The more I contemplate the problem, the stickier the issue of religion becomes. A couple hundred years ago and then some, the practice of religious freedom was a radical idea. Exactly a hundred years ago, the revolution in Russia kicked priests out from sharing in matters of government. Then, much later, Afghan rebels drove Russian troops home following a long, bloody, drawn-out battle. Before they did, Afghanistan was known mainly for its magnificent growth of opium poppies. Soon thereafter it became Osama bin Laden's quasi-religious home base. I think the role of an Islamic gun-touting, bomb-making blended religion has to be accounted for in order to understand the enemy's personal and collective sense of justification. They are ready and willing while the West prevaricates. At some point, God willing, terrorists will either be eliminated or forced to quit. But here is the bigger question: how do you declare war on countries divided against themselves, where no one faction is in complete control, and with various terrorist groups coming and going, depending upon the shifting sands of Middle East hospitality? I am thinking mainly of Syria, since it is being both attacked and defended along conflicting lines, depending upon affiliations, ideologies, nepotism, and the interests of client states.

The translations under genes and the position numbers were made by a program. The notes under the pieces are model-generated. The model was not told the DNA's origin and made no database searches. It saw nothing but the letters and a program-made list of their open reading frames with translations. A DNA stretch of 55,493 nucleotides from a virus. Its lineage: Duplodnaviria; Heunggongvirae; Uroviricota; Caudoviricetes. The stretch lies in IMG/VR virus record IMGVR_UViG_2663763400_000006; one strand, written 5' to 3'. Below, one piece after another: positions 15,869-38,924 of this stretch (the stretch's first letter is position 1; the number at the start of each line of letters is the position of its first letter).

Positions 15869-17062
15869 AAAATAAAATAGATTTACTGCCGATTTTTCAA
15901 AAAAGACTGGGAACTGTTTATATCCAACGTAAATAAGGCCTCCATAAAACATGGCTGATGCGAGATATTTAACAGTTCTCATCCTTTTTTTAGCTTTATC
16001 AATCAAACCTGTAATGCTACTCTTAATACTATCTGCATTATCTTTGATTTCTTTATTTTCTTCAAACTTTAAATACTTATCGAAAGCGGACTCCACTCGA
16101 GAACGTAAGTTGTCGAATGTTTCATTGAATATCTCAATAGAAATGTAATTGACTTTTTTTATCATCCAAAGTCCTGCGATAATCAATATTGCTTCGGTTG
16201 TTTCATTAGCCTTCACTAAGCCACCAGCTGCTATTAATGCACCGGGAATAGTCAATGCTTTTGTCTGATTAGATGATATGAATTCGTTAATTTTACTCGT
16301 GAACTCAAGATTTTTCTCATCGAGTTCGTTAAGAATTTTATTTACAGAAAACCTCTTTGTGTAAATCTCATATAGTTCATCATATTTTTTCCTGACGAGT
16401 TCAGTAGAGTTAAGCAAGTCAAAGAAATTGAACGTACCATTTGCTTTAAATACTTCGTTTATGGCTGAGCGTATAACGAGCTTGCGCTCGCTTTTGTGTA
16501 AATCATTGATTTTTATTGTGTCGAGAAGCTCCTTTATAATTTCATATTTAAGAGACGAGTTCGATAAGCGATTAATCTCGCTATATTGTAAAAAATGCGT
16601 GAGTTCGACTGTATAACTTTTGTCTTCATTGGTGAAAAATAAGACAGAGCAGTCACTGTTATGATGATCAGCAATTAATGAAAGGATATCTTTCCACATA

Pick a Card, Any Card
The Trump Card